The $1 trillion US infrastructure bill signed into law by President Joe Biden last week includes provisions that would tax cryptocurrency trades and give some benefits to the US government. $2.8 billion per year,
That is, to be honest, there is not a lot of money.
The point is that the crypto tax element of the law is not clearly spelled out, and the government runs the risk of crushing a growing segment of the economy.
The Infrastructure Bill says that a “brokerage” needs to keep track of these things. But you can enter into a smart contract without brokerage, so who is responsible for reporting in that case? Would a miner be considered a brokerage?
There is no doubt that, at some stage, the government owes taxes accrued from cryptocurrency trading like any other investment gain – usually at the time a person liquidates, or like a transfer of assets. But the ambiguity of the law prevents either trading platforms from accessing US citizens or small cryptocurrency investors from joining or staying in the market.
We’ve seen it before. FATCA, the Foreign Account Tax Compliance Act, prompted some financial institutions to prohibit US citizens from using their services because compliance rules were too cumbersome relative to the risks and potential benefits.
Here are a few scenarios – some simple and some complex – that need to be considered:
- If you buy a car using bitcoin, the amount of time you use bitcoin to buy the car will be when you are taxed. It’s quite easy.
- If you go to a crypto exchange and use dollars to buy ether, it should be easy to figure out how to get taxed. This is also a direct transaction.
- If you transfer your crypto to a smart contract that you are using to hold an NFT that other people buy, things quickly go awry, putting individuals at risk of dealing with taxes including corporate transactions. has complexity.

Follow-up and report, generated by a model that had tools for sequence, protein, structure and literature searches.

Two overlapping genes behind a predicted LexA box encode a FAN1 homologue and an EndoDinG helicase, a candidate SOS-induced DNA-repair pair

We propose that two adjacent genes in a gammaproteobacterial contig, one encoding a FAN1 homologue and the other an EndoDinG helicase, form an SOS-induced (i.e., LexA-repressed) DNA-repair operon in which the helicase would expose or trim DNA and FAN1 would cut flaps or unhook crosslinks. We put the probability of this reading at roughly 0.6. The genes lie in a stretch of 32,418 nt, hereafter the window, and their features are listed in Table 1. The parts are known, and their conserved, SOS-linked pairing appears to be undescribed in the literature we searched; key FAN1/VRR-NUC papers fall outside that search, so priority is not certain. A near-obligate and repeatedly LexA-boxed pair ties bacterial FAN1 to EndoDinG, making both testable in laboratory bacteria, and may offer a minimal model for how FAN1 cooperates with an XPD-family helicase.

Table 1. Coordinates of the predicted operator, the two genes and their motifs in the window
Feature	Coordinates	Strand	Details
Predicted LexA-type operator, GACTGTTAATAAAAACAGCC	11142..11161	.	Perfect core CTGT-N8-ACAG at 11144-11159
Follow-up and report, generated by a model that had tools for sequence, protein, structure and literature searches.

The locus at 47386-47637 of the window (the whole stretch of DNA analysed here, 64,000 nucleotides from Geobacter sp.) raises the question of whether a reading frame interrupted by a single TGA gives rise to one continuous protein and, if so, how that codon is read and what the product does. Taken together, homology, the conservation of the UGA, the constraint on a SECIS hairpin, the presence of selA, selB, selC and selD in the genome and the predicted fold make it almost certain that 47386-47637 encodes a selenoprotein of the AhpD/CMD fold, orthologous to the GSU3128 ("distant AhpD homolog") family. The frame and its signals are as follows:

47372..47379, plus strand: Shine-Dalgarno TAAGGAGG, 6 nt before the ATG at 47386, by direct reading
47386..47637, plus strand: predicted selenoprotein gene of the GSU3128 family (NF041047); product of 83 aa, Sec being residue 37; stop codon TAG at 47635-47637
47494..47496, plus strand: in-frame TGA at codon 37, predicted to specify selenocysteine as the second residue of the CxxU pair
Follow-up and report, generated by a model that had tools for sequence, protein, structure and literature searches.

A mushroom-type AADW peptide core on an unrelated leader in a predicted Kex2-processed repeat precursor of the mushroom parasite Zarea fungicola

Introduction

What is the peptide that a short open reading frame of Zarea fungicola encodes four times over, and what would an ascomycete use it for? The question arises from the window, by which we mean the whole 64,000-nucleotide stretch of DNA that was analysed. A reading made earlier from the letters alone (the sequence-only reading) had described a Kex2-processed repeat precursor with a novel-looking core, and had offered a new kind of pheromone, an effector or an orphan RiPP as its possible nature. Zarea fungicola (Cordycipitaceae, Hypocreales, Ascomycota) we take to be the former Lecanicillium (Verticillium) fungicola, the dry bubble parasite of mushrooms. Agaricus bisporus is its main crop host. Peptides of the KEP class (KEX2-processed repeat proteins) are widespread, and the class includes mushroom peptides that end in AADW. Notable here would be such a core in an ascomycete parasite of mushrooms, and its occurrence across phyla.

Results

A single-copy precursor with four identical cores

The minimum is $10,000 – a carryover from the Bank Secrecy Act. Transactions below that amount are not taxed, but $10,000 is a small amount to deal with a complex tax situation.
Tax reporting for trading platforms and investors can be difficult enough to discourage further investment, which could ultimately make the tax wasteful, or at least generate much less revenue than anticipated.
And for the IRS, it can be a complicated tax to audit. They will need a way to create identity for these transactions. This is already done on trading platforms such as Coinbase, but individual miners typically do not.
Something notable about this particular bill is that while tax laws will almost always be problematic initially, they usually become clearer over time. This infrastructure bill was going in the opposite direction. Congress started with the impact number ($1.1 trillion) – and then tried to find ways to generate enough taxes to match the number.
This is unusual in some ways, but perhaps a sign of our current political climate. Politicians would start with the specific programs they wanted to fund, then try to make the cost as small as possible. This time, when his party was in power, both the parties were fighting to make huge promises. (Trump, after all, worked on a $2 trillion infrastructure bill, though it was never signed into law.)
It’s a strange time politically in America, with mayors across the political spectrum from Miami to New York offering to take their paychecks in cryptocurrency. Meanwhile, at the national level, there is no clear guidance on the federal government’s long-term plans.
Ultimately, cryptocurrency is here to stay in one form or another, and the federal government needs to get serious about a approach by talking to experts such as economists, academics and cryptocurrency platform developers.